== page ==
currently I'm using iptables as a kill-switch for my VPN connection. Therefore I only have one rule : -A OUTPUT -o eth0 -m owner --uid-owner 1000 -j DROP everything else is accepted.

Now the problem is I actually want to access other computers in my internal network which runs on the eth0 interface but I still want to have a VPN kill-switch kind of thing...

I already tried a few things but as I'm no networking professional I'm pretty much stuck here.

Appreciate every kinda help. Cheers!

  • This is not really a security question. It has more to do with super user SE – Limit Jan 5 '17 at 22:22

I had the same problem and a couple of similar ones so here's my complete iptables OUTPUT chain which is all I use and should solve your problem and then some.

-A OUTPUT -o lo -m owner --uid-owner 110 -j ACCEPT
-A OUTPUT ! -o tun+ -m owner --uid-owner 110 -j DROP

Here's what all it's doing:


This command allows all traffic on your local network. The -d parameter causes the rule to apply to all traffic going to the destination ip. Change 192.168.1 to the first three parts of your local network ip address. For example if your local network ip ranges is from to change that line to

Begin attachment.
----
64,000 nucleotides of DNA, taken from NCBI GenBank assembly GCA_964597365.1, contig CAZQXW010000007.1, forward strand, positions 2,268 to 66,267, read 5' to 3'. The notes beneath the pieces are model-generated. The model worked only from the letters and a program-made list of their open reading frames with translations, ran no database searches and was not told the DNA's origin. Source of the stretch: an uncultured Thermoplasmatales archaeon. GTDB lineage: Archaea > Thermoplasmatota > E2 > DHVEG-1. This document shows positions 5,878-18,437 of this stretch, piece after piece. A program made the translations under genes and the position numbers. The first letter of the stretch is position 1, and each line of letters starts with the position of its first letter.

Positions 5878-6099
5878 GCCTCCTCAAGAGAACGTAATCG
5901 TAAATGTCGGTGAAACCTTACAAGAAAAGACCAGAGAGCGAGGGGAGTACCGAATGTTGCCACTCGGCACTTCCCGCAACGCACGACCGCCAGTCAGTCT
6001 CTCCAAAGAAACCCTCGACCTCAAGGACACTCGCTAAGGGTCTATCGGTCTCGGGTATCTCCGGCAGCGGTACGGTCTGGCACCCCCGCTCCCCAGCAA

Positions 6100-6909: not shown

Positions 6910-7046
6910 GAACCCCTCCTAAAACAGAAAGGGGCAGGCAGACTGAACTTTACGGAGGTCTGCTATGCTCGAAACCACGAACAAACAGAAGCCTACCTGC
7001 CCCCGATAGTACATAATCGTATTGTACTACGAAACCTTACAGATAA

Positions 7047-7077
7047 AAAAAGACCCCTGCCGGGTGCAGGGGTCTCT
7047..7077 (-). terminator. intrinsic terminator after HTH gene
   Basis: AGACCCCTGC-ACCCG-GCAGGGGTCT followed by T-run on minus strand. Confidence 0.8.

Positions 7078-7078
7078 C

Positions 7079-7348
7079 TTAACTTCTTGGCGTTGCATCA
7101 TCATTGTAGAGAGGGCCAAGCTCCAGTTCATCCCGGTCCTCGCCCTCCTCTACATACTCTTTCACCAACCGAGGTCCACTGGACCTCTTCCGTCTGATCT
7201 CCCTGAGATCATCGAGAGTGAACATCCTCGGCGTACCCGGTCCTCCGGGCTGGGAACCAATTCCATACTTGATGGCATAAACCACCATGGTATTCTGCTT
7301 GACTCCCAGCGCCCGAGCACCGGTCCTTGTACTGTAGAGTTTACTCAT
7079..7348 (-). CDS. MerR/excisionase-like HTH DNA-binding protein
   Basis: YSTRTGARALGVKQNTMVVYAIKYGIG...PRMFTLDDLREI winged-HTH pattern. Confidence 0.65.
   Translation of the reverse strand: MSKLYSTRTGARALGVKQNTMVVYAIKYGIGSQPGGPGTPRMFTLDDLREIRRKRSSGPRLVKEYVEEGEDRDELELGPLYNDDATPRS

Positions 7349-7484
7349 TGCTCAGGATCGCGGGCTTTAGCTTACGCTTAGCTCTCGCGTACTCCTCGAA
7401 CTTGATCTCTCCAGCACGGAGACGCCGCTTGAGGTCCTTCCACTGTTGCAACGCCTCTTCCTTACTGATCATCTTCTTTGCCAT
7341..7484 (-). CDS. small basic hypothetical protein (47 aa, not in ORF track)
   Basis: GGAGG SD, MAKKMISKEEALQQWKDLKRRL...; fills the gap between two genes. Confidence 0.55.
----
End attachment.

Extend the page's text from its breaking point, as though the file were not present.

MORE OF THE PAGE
The .0/24 at the end will include all ip addresses on that network.

-A OUTPUT -o lo -m owner --uid-owner 110 -j ACCEPT

This allows local programs on your computer to talk to each other. This was causing problems for me so I thought I would include it. Specifically one of my programs needed this to work with the vpn client.

-A OUTPUT ! -o tun+ -m owner --uid-owner 110 -j DROP

These two commands drop any outgoing packets that don't go out a tun connection. In yours you use eth0 instead of tun+. Have you tested whether that actually works as a kill switch? I don't think it should because when your vpn connection goes down eth0 should remain.

In order for this to work the order matters. If the accept commands aren't first they will get blocked by the drop commands.

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